My last trip to Philadelphia (http://prubin.net/2011/11/25/philadelphia-plus-new-york-again/) the year before was a solo adventure with the sole purpose of attending the Popped Philadelphia music festival. A long-weekend ensued where I couch-surfed, played mario-kart with college students, made random friends from other countries and finally saw The Shins perform live. This trip looked to be a very different experience as I wedged into a van after work on Friday, crammed full of Boston’s Eire Og Camogie Team. Camogie (the female variant of hurling) is an Irish sport, similar in many ways to hockey though players are allowed to hold the ball, kick the ball and whack the ball with their paddle, or camogie stick rather. My girlfriend was one of the members of the team so jumping in a rental van with an overnight bag for the long-weekend sounded like a splendid opportunity to revisit a city that I hadn’t done much sight-seeing in before.
As it turned out, the sight-seeing on Day 1 consisted almost entirely of the Irish Gaelic Games, basically a large congregation of Irish Ex-Pats living in the U.S.A. playing stick-whacking (er, I mean hurling / camogie) and Gaelic Football, a sport similar to Aussie Rules but with a round ball. Still though, I couldn’t complain, there was plenty of food and drinks on-hand and being a spectator to some Irish sports (even though I was visiting an American city) was pleasant enough to pass the time. The Boston team played well (considering their limited practice sessions in the lead-up to the games) and were up against Toronto and some other U.S. city whose name I can’t recall (DC or Chicago probably). They lost their first game and although I was doing my best on the side-lines to offer support and drinks I was actually silently praying their second game went the same way so they could avoid going through to the finals and therefore being required to play again the next day. They put in a valiant effort and when the clock ran out the score was tied, resulting in some overtime play. The game was closely fought in extra time, but unfortunately Toronto came out with a single extra goal to win in the end. ’Hooray!’ I inwardly cheered, knowing that this therefore left the rest of the visit wide open.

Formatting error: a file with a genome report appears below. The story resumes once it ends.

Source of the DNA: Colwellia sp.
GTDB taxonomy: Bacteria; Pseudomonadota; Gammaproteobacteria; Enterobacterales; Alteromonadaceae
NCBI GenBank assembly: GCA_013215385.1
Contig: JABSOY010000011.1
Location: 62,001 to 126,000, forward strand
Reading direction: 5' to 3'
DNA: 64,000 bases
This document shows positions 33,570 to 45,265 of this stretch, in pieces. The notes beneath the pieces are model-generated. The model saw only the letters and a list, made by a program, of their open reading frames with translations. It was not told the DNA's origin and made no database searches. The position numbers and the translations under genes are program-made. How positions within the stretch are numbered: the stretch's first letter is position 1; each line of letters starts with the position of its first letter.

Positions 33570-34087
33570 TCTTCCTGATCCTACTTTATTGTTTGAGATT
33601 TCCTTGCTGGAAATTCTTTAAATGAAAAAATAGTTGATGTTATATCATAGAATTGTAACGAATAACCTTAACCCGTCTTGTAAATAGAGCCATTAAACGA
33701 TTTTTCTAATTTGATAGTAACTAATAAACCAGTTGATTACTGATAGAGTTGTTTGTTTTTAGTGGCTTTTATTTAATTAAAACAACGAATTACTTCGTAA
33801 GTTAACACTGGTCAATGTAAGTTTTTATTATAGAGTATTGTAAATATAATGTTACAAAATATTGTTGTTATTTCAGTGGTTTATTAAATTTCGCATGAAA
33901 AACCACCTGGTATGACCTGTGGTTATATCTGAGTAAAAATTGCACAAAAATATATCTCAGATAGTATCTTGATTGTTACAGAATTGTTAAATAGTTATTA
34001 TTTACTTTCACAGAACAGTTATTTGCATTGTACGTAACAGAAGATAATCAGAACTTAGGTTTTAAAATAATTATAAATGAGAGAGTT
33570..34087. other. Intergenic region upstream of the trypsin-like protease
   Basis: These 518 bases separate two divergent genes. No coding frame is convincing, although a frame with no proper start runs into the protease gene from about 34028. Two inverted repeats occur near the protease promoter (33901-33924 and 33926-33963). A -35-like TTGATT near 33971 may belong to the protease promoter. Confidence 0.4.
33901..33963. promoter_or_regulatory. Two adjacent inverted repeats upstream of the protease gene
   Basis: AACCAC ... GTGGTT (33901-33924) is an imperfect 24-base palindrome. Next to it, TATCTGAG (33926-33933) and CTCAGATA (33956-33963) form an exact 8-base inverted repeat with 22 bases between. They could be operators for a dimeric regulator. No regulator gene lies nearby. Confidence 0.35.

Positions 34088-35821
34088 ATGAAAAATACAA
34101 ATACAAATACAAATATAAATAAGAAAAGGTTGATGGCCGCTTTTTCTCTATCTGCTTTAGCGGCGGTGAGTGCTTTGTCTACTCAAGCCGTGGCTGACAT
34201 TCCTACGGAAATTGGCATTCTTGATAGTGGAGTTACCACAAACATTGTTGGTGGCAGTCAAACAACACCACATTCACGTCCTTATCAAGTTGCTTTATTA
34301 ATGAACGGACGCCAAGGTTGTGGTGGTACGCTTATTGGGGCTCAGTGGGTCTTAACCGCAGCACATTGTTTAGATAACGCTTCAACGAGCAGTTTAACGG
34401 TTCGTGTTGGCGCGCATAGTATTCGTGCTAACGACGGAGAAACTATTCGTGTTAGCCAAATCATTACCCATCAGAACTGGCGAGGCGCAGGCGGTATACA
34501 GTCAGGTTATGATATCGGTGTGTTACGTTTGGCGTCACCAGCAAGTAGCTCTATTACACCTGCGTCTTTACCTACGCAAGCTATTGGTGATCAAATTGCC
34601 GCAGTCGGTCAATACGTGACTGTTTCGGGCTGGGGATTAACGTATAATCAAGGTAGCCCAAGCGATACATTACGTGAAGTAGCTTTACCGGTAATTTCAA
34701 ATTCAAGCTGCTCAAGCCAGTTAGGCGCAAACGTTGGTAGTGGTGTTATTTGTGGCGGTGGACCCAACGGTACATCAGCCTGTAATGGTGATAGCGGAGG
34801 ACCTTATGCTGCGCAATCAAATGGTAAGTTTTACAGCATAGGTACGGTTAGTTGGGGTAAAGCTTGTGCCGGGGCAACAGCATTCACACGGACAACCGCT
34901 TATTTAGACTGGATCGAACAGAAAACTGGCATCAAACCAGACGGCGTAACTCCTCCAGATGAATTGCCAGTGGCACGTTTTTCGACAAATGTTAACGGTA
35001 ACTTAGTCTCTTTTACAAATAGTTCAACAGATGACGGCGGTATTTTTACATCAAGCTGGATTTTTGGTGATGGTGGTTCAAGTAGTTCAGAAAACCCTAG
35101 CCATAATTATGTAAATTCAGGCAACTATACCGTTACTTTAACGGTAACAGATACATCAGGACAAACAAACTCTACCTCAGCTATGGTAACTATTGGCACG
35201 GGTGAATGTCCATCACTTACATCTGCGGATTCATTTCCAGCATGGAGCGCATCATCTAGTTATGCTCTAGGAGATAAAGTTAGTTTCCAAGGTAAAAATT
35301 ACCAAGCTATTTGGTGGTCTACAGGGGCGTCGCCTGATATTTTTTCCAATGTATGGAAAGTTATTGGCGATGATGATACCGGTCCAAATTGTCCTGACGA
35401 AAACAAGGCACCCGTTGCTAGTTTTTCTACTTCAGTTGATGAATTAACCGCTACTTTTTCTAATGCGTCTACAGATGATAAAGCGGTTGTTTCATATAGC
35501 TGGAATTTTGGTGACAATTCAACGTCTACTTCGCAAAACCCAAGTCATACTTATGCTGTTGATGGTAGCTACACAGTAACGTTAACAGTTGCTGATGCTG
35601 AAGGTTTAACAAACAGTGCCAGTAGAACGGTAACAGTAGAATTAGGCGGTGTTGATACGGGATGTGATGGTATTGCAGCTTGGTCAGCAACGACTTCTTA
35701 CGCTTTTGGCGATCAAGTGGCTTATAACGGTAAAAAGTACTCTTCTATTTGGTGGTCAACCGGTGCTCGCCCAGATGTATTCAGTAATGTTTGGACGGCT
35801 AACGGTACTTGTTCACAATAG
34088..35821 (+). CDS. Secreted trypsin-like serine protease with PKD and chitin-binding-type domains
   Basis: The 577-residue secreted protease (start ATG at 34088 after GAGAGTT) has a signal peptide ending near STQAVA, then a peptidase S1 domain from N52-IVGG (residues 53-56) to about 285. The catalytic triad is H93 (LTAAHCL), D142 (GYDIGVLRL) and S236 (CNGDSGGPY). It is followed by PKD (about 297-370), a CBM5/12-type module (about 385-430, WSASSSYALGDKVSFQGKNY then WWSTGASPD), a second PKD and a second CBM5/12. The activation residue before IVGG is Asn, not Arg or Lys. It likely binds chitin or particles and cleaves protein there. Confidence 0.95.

Philadelphia that weekend was rather crowded, not just due to the proliferation of Irish visitors for the Gaelic Games, but also as a result of a large music festival on in town – Made in America. As to be expected, the Irish were out in full force every night, over-running any Irish bars found in the area. We all made it out to witness the spectacle, but after a long day in the sun with quite a few drinks already under my belt I opted for an early night and retired to the hotel room. The music festival was a tempting thought the next day, with Pearl Jam one of the headlining acts, but we opted instead to check out the rest of the city. Unfortunately, the festival was actually occurring on the streets of the city depriving us of visiting perhaps the most iconic of Philadelphia landmarks, The Rocky Steps in front of the Philadelphia Museum of Art. As it turns out however, Philly has more than enough other sights to see and after hopping on a tour bus, we struck out to view the Liberty Bell.